Addressing an audience of about 500 people, Holder spoke of a “rare consensus emerging across the country,” adding, “Recently, we have seen conservative stakeholders like Koch Industries and Americans for Tax Reform join with progressive voices like the Center for American Progress to form a new coalition dedicated to this cause.”

The “cause,” based on what we witnessed at the all-day event, is to reduce prison populations in the name of fiscal restraint and liberal compassion.

The financial support from the Koch brothers gives this left-wing campaign a bipartisan appearance and may be intended to buy some goodwill from the “progressives” who normally target these billionaires.

But knowing of Holder’s involvement in the event and the evidence that he, in fact, helped orchestrate this conference, it was troubling to some conservative observers that members of Congress, such as Congressman Bob Goodlatte, R-Va., and Republican governors such as Nathan Deal of Georgia, participated in this event.

Holder argued that the criminal justice system was racist against minorities, while Deal said the system was too costly and that many criminals can be re-educated, rehabilitated, and released.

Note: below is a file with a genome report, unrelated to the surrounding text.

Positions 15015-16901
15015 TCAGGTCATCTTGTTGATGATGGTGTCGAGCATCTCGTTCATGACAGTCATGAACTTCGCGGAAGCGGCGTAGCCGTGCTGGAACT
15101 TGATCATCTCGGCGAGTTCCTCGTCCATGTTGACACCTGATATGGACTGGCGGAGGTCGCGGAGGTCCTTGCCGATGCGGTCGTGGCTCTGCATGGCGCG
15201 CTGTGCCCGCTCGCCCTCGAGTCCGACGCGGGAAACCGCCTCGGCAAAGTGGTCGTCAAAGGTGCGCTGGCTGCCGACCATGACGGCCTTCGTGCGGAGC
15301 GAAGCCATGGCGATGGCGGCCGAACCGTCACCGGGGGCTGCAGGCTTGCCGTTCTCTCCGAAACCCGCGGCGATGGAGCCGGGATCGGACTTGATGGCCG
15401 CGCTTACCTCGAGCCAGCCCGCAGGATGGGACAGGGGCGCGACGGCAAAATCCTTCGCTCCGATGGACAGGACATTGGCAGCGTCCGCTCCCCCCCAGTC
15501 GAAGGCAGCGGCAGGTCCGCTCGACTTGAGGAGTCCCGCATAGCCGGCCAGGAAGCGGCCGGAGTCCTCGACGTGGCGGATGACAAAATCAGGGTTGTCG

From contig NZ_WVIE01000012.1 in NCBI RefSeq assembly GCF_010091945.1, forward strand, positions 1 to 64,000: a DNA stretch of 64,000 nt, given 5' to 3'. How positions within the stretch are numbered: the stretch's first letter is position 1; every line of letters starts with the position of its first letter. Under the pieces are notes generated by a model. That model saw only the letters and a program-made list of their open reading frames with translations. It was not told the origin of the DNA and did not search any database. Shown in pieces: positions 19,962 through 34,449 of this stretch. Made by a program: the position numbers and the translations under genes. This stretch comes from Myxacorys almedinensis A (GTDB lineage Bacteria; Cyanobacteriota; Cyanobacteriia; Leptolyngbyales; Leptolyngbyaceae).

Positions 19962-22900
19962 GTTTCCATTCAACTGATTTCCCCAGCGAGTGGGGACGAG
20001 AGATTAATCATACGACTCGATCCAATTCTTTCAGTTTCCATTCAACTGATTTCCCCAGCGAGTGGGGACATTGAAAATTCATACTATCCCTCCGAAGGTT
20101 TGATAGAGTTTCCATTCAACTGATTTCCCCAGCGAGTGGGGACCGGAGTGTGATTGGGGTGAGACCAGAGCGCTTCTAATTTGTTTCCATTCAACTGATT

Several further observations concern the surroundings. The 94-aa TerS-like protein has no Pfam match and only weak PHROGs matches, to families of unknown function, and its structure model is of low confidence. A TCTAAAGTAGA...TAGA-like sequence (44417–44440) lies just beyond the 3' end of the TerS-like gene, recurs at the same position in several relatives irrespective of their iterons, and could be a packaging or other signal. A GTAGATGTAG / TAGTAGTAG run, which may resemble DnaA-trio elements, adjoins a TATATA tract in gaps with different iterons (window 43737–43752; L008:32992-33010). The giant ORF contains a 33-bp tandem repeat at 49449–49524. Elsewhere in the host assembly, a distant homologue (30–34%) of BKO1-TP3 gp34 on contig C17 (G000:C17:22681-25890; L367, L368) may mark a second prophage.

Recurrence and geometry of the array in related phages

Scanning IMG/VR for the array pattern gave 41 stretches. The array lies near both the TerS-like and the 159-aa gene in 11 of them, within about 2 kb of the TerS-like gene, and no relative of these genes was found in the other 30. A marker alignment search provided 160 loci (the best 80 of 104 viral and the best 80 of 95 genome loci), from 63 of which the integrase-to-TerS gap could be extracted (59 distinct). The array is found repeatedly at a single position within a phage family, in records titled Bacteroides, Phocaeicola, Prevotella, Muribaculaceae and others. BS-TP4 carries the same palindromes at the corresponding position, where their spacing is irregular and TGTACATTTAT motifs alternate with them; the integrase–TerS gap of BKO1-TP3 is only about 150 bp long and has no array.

Although Americans for Tax Reform was indeed listed as a sponsor, its head, Grover Norquist, was in the news for another reason. He is embroiled in a controversy over his alleged ties to Islamists, and gave an interview to Glenn Beck defending himself against the charges.

The Center for American Progress, another major player in the new “criminal justice reform” effort, is funded by the Open Society Foundations of billionaire hedge-fund operator George Soros.

The new group Holder spoke about is called the Coalition for Public Safety, financed by $5 million from the Koch brothers and other “core supporters,” such as the liberal Ford Foundation. The group is run by Christine Leonard, a former Ted Kennedy Senate staffer once affiliated with the left-wing Vera Institute for Justice.